Monday, February 8, 2010

Adventures in Mothering Mother: A Book Review

The winter Meg Federico’s 81-year-old mother, Addie, fell and hit her head on the sidewalk, while vacationing in Florida, they suddenly found themselves cast in a geriatric version of the movie Freaky Friday. Seemingly overnight, they swap roles in the parent/child dynamic and every day, for the next three years, is a series of unexpected and unbelievable adventures.

Federico’s bittersweet and humorous memoir, Welcome to the Departure Lounge: Adventures in Mothering Mother, is in many ways an instructive step-by-step narrative on the Herculean task of taking care of an aging parent, while trying to live your own life.

If the natural cycle of life plays itself out as intended we will outlive our parents; and in doing so we might also be placed in the position of caring for them in their final years. Federico bravely writes about her imperfect attempt to do just that and the lessons learned along the way.

The story is told in a series of compelling flashbacks, starting with the author’s father dying on her wedding day. If there was ever an example of foreshadowing you couldn’t get a better one than that. It is also clear early on that Meg and Addie have a strained relationship, a fact that will become critical as Meg becomes one of the central people in charge of her mother’s care.

Once Federico and her siblings make the decision not to place their frail mother in a nursing home (prompted by Addie’s earlier escape, aided and abetted by her Alzheimer's-addled, 83-year-old second husband) they realize how ill-equipped they are to take care of their strong-willed and sometimes alcoholic mother. But determined to give her the best care possible they call in a team of in-home “experts” that range from tremendously caring to outright crooks.

As Addie and her sex-crazed husband, Walter, become more like petulant teenagers, the author the frazzled parent, and the incidents stack up at an outlandish (sometimes outright life threatening) rate the reader can’t help but wonder why they continue at this impossible circus, with all its loony characters. No one would judge them if they called it quits.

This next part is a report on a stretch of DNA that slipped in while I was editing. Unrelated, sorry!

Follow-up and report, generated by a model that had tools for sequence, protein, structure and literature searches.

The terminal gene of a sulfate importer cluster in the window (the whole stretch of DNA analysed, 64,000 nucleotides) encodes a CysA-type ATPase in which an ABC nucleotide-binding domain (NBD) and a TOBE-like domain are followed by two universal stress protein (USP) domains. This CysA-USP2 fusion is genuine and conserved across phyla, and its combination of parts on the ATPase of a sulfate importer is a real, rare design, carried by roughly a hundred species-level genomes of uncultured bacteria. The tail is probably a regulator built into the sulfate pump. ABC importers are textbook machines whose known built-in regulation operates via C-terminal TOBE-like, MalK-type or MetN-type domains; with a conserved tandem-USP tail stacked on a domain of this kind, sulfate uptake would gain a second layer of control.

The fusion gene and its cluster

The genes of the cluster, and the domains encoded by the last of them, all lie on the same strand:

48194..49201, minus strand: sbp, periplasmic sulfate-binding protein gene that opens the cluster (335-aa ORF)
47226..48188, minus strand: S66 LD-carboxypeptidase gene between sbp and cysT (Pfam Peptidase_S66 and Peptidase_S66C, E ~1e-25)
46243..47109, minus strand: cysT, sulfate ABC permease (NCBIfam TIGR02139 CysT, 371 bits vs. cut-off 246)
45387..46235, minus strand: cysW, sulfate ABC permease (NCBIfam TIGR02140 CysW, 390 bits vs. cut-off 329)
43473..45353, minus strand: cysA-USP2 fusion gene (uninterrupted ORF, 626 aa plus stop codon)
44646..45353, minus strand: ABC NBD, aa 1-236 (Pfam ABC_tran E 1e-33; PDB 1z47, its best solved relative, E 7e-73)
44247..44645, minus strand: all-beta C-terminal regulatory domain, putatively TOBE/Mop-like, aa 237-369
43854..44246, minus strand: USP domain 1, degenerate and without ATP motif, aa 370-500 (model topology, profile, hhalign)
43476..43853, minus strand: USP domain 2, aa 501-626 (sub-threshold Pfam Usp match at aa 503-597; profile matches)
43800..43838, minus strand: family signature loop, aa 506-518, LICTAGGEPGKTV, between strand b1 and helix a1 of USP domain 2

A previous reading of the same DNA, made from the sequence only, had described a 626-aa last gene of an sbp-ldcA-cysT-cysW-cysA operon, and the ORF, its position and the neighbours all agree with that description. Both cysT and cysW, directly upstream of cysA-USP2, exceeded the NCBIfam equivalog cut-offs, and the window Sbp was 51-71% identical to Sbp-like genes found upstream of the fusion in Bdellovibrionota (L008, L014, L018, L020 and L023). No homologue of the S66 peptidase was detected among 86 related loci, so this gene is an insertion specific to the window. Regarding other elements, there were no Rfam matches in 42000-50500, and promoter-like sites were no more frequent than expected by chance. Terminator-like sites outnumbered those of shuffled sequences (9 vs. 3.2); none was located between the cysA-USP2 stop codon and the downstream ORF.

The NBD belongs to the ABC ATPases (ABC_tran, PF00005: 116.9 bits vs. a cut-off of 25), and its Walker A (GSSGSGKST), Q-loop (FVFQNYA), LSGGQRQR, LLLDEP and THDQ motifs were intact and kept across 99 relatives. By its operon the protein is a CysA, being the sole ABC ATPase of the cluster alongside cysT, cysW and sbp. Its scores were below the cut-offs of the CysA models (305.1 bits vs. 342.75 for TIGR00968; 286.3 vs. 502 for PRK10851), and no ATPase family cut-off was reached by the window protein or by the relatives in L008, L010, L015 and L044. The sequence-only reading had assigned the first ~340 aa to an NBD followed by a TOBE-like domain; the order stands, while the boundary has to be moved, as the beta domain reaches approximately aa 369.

In the midst of the chaos of bedpans, missing jewelry, and sex-toys, Federico must also come to terms with the uneven and sometimes-distant relationship she has had with her diva mother. As the youngest of five children, Federico always felt that her mother saw her as an inconvenience that never met her expectations. Faced with these long held resentments, now butted up against her new power and responsibility, she somehow resists the temptation to “pay her mother back.” In fact, as Addie decompensates, and her own family life starts to show the strain of her routine absence, Federico renews her commitment to maintaining her mother’s dignity and making room for her to have a say so in her care, even when it was inconvenient or impractical to do so.

Just as the author deftly uses humor as a way to soften some of the more difficult issues caretakers face (i.e. changing diapers, dementia, and slowly losing the person who once took care of you), she is also straightforward in the reality that ultimately, unlike parents taking care of children, there is no future or bettering to the situation and what frees you from this obligation is death.

Their last days together are both tender and a celebration of her mother’s long and determined life. And although Federico knows that death is how this obligation will end, it doesn’t make it any easier when her mother takes her final breath while sleeping in her arms.

Welcome to the Departure Lounge is a poignant testament to how human we all are, including our parents.

Michelle Sewell, founder of GirlChild Press, has recently been hired to write a memoir involving death, teen pregnancy, and raising kids in the Valley. She currently lives in Los Angeles, CA.

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